Mountain Lions

Neil Wight

A new study of mountain lions shows they’re much more social than previously thought, with networks of felines sharing resources in territories overseen by a dominant male.

Panthera’s Puma Project biologist Mark Elbroch is a lead author of the article, published last week in the journal Science Advances. The study uses GPS technology and motion-sensor cameras to look at cougars in western Wyoming. 

Melodie Edwards

We trek through knee-deep snow along the banks of the Gros Ventre River near Jackson until we come to a heap of bones and grass. It's what remains of an elk calf.

“Here you go,” he says. “This is what it looks like. And I can tell you on Friday, we were standing in a foot of snow. I tracked the whole attack.”

Mark Elbroch is a Wildlife Researcher with Panthera's Puma Project. He tells the story with pride. He’s known this mountain lion, F61, since she was a kitten.

raskin227-flickr

Next week, legislators will debate whether or not to add mountain lions to the list of animals that can be legally trapped in the state. Newcastle Representative Hans Hunt is one of the bill’s sponsors. He says sportsmen and ranchers complain that mountain lions are hurting mule deer populations.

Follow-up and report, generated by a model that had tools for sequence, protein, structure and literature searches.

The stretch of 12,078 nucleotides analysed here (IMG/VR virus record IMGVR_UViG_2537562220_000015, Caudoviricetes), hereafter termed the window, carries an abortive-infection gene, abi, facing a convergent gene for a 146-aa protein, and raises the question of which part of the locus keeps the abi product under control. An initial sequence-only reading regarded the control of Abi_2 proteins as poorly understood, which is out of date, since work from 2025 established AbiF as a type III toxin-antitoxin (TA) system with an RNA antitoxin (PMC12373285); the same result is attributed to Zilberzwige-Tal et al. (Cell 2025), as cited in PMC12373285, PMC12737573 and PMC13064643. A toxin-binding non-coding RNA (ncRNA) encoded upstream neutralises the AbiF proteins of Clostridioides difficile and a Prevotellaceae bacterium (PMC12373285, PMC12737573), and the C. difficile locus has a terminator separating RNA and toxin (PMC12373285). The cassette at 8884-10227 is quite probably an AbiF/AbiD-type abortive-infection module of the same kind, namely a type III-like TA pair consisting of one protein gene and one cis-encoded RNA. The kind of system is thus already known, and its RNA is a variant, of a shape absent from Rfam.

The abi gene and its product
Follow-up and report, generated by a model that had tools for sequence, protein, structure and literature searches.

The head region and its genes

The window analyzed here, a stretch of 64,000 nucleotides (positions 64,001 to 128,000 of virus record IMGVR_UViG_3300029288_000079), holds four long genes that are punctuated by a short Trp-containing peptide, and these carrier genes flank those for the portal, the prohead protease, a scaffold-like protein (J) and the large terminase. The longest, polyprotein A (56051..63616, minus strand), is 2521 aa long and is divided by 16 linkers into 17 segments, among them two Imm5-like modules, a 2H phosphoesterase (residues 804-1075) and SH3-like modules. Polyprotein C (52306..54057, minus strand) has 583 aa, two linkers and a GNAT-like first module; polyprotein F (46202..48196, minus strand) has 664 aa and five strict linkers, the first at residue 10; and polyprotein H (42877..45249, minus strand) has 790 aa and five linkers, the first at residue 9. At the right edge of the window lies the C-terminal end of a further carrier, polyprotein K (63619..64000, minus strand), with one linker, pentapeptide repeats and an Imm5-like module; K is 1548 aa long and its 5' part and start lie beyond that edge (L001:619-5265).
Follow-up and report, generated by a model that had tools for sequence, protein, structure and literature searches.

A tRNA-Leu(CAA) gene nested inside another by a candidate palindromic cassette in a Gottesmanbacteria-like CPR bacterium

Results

“The incidence of predator kills on deer populations in certain parts of the state has to be evidence enough that their population is certainly increasing and at a rate that’s cause for concern,” Hunt says.

Mark Elbroch

A researcher studying the social behaviors of mountain lions will present his findings on Thursday, June 18, in the first of a series of summer talks co-sponsored by the University of Wyoming and the National Parks.

Mark Elbroch is a wildlife biologist with Panthera, a conservation group studying big cats and their habitats. He says new technology like GPS collars and remote video cameras have given him unprecedented access to the lives of mountain lions.